An AI system developed using comprehensive personal data from Denmark has shown remarkable accuracy in predicting an individual’s risk of death.
This AI, documented in a study published in Nature Computational Science, was created by Sune Lehmann Jørgensen and his team from the Technical University of Denmark.
They analyzed a huge dataset encapsulating numerous factors from across the Danish population, including education, medical visits, diagnoses, income, and occupation data, from six million individuals spanning from 2008 to 2020.
This data was then transformed into a format suitable for training a large language model (LLM). The team’s Life2vec model reviews a person’s life events and forecasts probable future outcomes, similar to how an LLM processes language.
To test Life2vec, the team reserved the final four years of data and focused on individuals aged 35 to 65, half of whom passed away between 2016 and 2020.
Life2vec’s predictions on who was likely to survive or not outperformed any existing AI models and actuarial life tables (used by the insurance industry) by approximately 11%. It was also used to predict personality outcomes, showcasing the model’s ability to map large-scale societal inputs to outputs at the individual level.
Jørgensen envisions this model as a tool for early detection of health and social issues, potentially aiding governments in reducing health and social inequalities. It uncovers relationships between mortality and economic, labor, income level, and birth year, providing another avenue for exploring the impact of these types of macro-demographic factors on an individual’s health.
However, Jørgensen cautions against potential business misuse, particularly in the insurance industry, where it could disrupt the fundamental principle of shared risk.
If insurers used AI to determine when a specific individual is at greater risk of death, that would open up a complex ethical debate. That parallels somewhat to AI’s other predictive uses, such as predictive policing programs, which have singled out individuals as potential ‘suspects’ prior to them committing a possible crime.
Jørgensen said of this, “Clearly, our model should not be used by an insurance company, because the whole idea of insurance is that, by sharing the lack of knowledge of who is going to be the unlucky person struck by some incident, or death, or losing your backpack, we can kind of share this this burden.”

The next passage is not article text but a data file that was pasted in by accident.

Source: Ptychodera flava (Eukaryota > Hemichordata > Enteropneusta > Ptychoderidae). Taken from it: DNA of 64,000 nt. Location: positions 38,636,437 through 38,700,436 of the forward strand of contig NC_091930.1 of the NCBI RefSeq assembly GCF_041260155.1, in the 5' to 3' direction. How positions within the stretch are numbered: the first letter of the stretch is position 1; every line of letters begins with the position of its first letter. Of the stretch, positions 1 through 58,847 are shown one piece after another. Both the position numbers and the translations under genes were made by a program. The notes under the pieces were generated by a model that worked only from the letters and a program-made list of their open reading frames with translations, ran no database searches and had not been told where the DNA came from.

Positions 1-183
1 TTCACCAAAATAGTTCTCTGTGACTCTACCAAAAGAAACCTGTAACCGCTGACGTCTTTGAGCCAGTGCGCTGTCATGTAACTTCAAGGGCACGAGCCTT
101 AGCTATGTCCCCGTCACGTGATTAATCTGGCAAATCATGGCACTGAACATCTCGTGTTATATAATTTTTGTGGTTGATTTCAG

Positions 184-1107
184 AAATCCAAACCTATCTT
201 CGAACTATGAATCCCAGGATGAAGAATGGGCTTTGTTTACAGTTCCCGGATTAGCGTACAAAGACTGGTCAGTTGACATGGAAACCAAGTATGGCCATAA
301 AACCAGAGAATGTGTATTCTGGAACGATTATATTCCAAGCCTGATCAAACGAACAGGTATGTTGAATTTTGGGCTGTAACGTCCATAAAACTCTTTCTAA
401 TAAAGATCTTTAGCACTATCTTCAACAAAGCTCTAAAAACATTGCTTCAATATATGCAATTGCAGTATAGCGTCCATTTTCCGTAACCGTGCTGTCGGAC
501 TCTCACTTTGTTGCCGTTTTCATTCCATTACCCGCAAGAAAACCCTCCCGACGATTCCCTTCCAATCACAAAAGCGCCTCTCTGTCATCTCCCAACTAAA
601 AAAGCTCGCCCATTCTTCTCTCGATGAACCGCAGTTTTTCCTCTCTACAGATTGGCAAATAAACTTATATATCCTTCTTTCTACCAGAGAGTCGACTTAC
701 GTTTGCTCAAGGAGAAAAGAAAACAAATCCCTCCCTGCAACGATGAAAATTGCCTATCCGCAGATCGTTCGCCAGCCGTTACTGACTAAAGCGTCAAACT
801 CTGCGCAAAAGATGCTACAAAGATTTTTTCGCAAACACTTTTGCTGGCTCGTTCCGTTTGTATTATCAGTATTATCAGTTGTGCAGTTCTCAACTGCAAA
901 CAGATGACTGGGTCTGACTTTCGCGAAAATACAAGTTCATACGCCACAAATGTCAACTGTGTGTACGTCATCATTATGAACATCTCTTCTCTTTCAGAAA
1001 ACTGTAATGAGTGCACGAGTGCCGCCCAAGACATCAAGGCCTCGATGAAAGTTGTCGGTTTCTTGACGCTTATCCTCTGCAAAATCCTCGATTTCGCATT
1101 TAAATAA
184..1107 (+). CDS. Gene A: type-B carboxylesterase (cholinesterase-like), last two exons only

More about the study
Here’s some more information about the study’s aims, novel approach, and how it worked:
- Data collection and transformation: The research team gathered an extensive dataset covering the entire population of Denmark, spanning from 2008 to 2016 and including about six million inhabitants. This dataset incorporated detailed daily records of various life events, including health incidents, educational level, employment status, income levels, residency, and working hours.
- Creating a synthetic language for life events: The researchers converted these life events into a format resembling language, enabling the use of natural language processing techniques. They treated each life event as a ‘sentence’ consisting of ‘concept tokens,’ which included detailed information like the type of event, income level, and job type.
- Development of the Life2vec model: Using transformer architecture, the team developed the model. This model could capture complex relationships between different life events, similar to how LLMs understand relationships between words.
- Predictive analysis and testing: Life2vec was tested for its ability to predict various outcomes, notably early mortality and personality traits. For mortality prediction, the model evaluated the likelihood of individuals surviving four years post-2016. It outperformed traditional models in doing so.
- Understanding and interpreting the model: The researchers used methods like concept activation vectors (TCAV) to interpret the model’s predictions. This involved identifying life directions corresponding to different life outcomes or traits. By analyzing these directions, they gained insights into how factors, such as employment status or health diagnoses, influenced the model’s predictions.
Using AI to predict important life events, death undoubtedly being one of the most significant, is a tantalizing prospect.
While its benefits and risks are closely balanced, similar applications have been channeled to a positive end, like this model used to predict adolescent suicide and self-harm. In healthcare in general, predictive modeling is helping prioritize treatments for at-risk groups.
However, as Jørgensen concedes, work is to be done to protect the ethical uses of these technologies.